Once a man cupped your face like a liturgy
unshaven & feral as winter’s jaw,
devoured himself. As if the body is only
a matter of percentages, how much cigarette ash
& mercury could coat the inside of the skull
until it becomes a sinkhole. Your body a tithe
under his hand, dissipating to smoke:
something only to hunger for. In the darkness
the man dissolves you beneath his tongue,
calls you medicine. The sky shifts slow
& all the windows flesh shut at his voice.
Your mother’s kettle screams. After, you taste
of soured milk, epsom salts. In sleep,
his face opens like the maw of a wild dog.
He speaks only in white noise
& gnaws away his mangled legs.
HOW DO YOU FEEL NOW
after Ocean Vuong & Joy Wave
Imagine yourself out in space, spinning through an empty sea of nothingness
Their bodies slur together, disappear.
I slice an avocado, twisting the knife around the core like turning a blade in a wound.
8:43 p.m. Three hours before my fist chokes the air—Joywave moving through the bedroom like a
pair of hands, a body through a typhoon.
A mason jar full of teeth on the bedside table—a mangrove on the hickory table—
I am not a girl— not a nest of finch bones.
No—it is only 8:25. The roots in my ribs recede.
Would the soundtrack kindly produce a sound?
I smash my phone into the side of the wardrobe, watch it come together again as a sparrow. Good
In the morning, I pare my antipsychotics with a serrated steak knife— half for the basil, half for the
See how I didn’t forget?
I press rosemary under my tongue like a communion wafer, thread my incisors through with cilantro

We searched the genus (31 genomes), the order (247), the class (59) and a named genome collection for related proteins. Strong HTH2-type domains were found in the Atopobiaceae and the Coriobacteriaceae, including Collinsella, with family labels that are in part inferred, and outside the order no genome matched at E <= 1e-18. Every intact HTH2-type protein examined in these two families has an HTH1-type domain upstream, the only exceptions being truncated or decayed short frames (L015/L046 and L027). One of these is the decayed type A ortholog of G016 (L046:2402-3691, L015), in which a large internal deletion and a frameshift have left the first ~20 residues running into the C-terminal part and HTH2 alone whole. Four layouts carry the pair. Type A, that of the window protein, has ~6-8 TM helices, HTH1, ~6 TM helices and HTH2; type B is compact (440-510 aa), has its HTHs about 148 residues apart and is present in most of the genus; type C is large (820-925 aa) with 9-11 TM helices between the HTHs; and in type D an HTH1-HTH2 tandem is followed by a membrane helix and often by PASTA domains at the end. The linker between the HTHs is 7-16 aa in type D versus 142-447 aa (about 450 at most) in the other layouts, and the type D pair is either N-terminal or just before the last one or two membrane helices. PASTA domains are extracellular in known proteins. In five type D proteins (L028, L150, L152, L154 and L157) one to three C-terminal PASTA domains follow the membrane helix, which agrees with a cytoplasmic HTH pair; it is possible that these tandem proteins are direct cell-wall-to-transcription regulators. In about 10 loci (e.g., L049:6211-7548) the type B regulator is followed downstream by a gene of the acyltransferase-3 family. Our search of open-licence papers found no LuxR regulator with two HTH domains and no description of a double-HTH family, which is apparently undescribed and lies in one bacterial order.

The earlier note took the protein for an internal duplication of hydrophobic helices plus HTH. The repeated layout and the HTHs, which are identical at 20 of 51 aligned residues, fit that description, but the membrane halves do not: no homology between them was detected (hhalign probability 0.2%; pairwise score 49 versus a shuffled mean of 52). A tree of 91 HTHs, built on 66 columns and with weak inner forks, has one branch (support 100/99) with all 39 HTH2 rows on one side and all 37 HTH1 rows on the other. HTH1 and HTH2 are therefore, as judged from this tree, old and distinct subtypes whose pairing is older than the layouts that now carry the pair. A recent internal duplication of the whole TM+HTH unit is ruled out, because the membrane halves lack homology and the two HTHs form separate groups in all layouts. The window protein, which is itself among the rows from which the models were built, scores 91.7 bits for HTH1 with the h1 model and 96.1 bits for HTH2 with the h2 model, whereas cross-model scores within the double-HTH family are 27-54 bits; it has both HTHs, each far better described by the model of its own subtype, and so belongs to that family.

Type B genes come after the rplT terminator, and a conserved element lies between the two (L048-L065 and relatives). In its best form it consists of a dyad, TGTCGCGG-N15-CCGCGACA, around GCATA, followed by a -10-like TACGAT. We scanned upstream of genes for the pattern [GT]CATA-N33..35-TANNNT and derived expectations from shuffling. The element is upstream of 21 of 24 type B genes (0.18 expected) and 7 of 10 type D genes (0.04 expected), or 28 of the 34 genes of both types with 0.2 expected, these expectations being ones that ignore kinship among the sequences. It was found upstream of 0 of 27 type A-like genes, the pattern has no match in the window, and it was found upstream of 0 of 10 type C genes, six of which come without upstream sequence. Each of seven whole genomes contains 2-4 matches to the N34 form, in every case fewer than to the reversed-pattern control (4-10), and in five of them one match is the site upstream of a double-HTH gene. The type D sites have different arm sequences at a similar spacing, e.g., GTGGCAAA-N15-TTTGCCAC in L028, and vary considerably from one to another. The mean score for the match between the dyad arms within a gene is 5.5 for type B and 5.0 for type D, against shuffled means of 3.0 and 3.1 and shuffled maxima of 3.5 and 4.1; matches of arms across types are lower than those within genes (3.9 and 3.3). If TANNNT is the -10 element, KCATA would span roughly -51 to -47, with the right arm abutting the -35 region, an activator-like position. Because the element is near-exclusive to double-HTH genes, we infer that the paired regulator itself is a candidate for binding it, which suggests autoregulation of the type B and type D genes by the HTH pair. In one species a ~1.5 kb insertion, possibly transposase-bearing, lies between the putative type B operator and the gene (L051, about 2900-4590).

Well, that isn't quite what I had in mind.
I scoop rice into the wok, let the side of my finger wisp across its lip. It does not snarl, leaves only a
lipstick stain on my index finger.
Good or bad? The fifth metatarsal is purely vestigial, an evolutionary nostalgia. Sometimes I yearn
for an air bladder, to find myself belly-up like a white-stomached frog in a bathtub filled with wine, a
blade at my side like a third hand.
Good or bad? I could clip away the metatarsal like lancing a scallion, slicing the bulb from a green
Anything to feel as though I am still made of sweetness and light.
How I could core the sternum like a ripened tomato.
They’ll never walk away from you/They’ll never run astray/from you
9:30. I lift my tongue— the adrenal gland misfiring.
Tweezers and blunt forceps, I pick away every part of me that has ever been touched. I want to be
all stones, all sharp boy-angles, red strips on the ceiling fan.
Why don’t you try some?
Good or bad? I am full of stones/I am full of stones/I am/good or bad?
In the mirror, I watch my face rearrange itself like a Picasso painting, as though a pair of hands were
shifting my mouth sideways, prodding the tongue. See how I didn’t forget?
I tighten my grip around the knife, lest it cleave the air without me.
I am full of spit/datta/damyata/dayadhvam/
I open my mouth. Inside: dead birds, sertraline, cement.
The bones are vestigial, the fat. The only real fat is needed to pad the eyes in case of impact, cuff the
heart. Good or bad?
10:14 p.m. Time to scream.
I’ll be gone when the drugs wear off.
I want to be clean/I want to be clean/I want/good or bad?
Their bodies curl into themselves like an embryo/disappear/
Kathryn Hargett is a senior at the Alabama School of Fine Arts. Her work has been regularly recognized by universities and organizations such as Princeton University, the Alliance for Young Artists & Writers, the President’s Committee on the Arts and Humanities, the Alabama Writers' Forum, the UK Poetry Society, and others. She is the editor-in-chief of TRACK//FOUR, a literary magazine for writers and artists of color. Her poetry has been published in or is forthcoming from the Adroit Journal, Gigantic Sequins, DIALOGIST, the Claremont Review, Sierra Nevada Review, and elsewhere. She is a Chinese-American poet from the outskirts of Birmingham, Alabama.